Jonathan P. Huggins, Robert Pease, Kelly Stanly, Adrienne Workman, John Reynolds, Barbara D. Alexander
Antimicrobial Agents and Chemotherapy, Volume 66; https://doi.org/10.1128/aac.00283-22

Abstract:
Inhaled formulations of amphotericin B are the most widely used antifungal prophylactic agents in lung transplant recipients, yet there are limited data on their safety. We performed a single-center retrospective cohort study of 603 consecutive patients who underwent lung transplantation between 2012 and 2017 and received antifungal prophylaxis with inhaled amphotericin B lipid complex (iABLC) from the day of transplantation until hospital discharge.
Jillian E. Milanes, Jimmy Suryadi, Neil P. Monaghan, Elijah M. Harding, Corbin S. Morris, Soren D. Rozema, Muhammad M. Khalifa, , Isabelle Q. Phan, Rachael Zigweid, et al.
Antimicrobial Agents and Chemotherapy, Volume 66; https://doi.org/10.1128/aac.02373-21

Abstract:
Infection with pathogenic free-living amoebae, including Naegleria fowleri , Acanthamoeba spp., and Balamuthia mandrillaris , can lead to life-threatening illnesses, primarily because of catastrophic central nervous system involvement. Efficacious treatment options for these infections are lacking, and the mortality rate due to infection is high.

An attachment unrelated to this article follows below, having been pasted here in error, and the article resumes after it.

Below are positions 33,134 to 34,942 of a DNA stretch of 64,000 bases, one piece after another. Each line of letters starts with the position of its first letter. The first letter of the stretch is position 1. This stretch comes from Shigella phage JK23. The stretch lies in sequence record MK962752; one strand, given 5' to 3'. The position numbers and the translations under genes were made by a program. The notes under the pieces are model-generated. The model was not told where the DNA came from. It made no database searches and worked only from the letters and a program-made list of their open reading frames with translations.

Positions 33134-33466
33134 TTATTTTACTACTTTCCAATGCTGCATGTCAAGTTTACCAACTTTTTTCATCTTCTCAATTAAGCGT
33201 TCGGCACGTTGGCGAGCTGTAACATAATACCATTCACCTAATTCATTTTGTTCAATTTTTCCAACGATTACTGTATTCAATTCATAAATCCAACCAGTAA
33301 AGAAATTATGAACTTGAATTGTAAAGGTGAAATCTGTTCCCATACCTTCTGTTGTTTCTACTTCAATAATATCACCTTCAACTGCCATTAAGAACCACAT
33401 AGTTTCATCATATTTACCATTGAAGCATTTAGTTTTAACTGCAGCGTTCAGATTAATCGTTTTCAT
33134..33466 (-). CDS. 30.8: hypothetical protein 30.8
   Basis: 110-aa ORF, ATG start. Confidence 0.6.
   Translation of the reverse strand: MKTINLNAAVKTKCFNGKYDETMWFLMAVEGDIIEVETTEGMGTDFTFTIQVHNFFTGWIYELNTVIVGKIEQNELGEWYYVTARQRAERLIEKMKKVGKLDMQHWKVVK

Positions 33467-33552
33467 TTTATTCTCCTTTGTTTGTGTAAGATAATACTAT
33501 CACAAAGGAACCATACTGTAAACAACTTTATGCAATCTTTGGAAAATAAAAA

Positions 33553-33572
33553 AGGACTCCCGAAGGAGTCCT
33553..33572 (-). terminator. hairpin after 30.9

Emma C. Phillips, Cirle A. Warren, Jennie Z. Ma,
Antimicrobial Agents and Chemotherapy, Volume 66; https://doi.org/10.1128/aac.00001-22

Abstract:
This case series and propensity-matched cohort study on the use of tigecycline in Clostridioides difficile infection (CDI) evaluated the effect of tigecycline on 30-day mortality. Adjusted for ATLAS Score, hypotension, treatment time period, and serum lactate, tigecycline did not significantly improve 30-day mortality (odds ratio: 0.89; 95% confidence interval: 0.25–3.12; P =  0.853).
Aida N. Kawuma, Roeland E. Wasmann, , Marta Boffito, ,
Antimicrobial Agents and Chemotherapy, Volume 66; https://doi.org/10.1128/aac.00215-22

Abstract:
Dolutegravir-based regimens are recommended as first-line therapy for HIV in low- and middle-income countries where tuberculosis is the most common opportunistic infection. Concurrent HIV/tuberculosis treatment is challenging because of drug-drug interactions.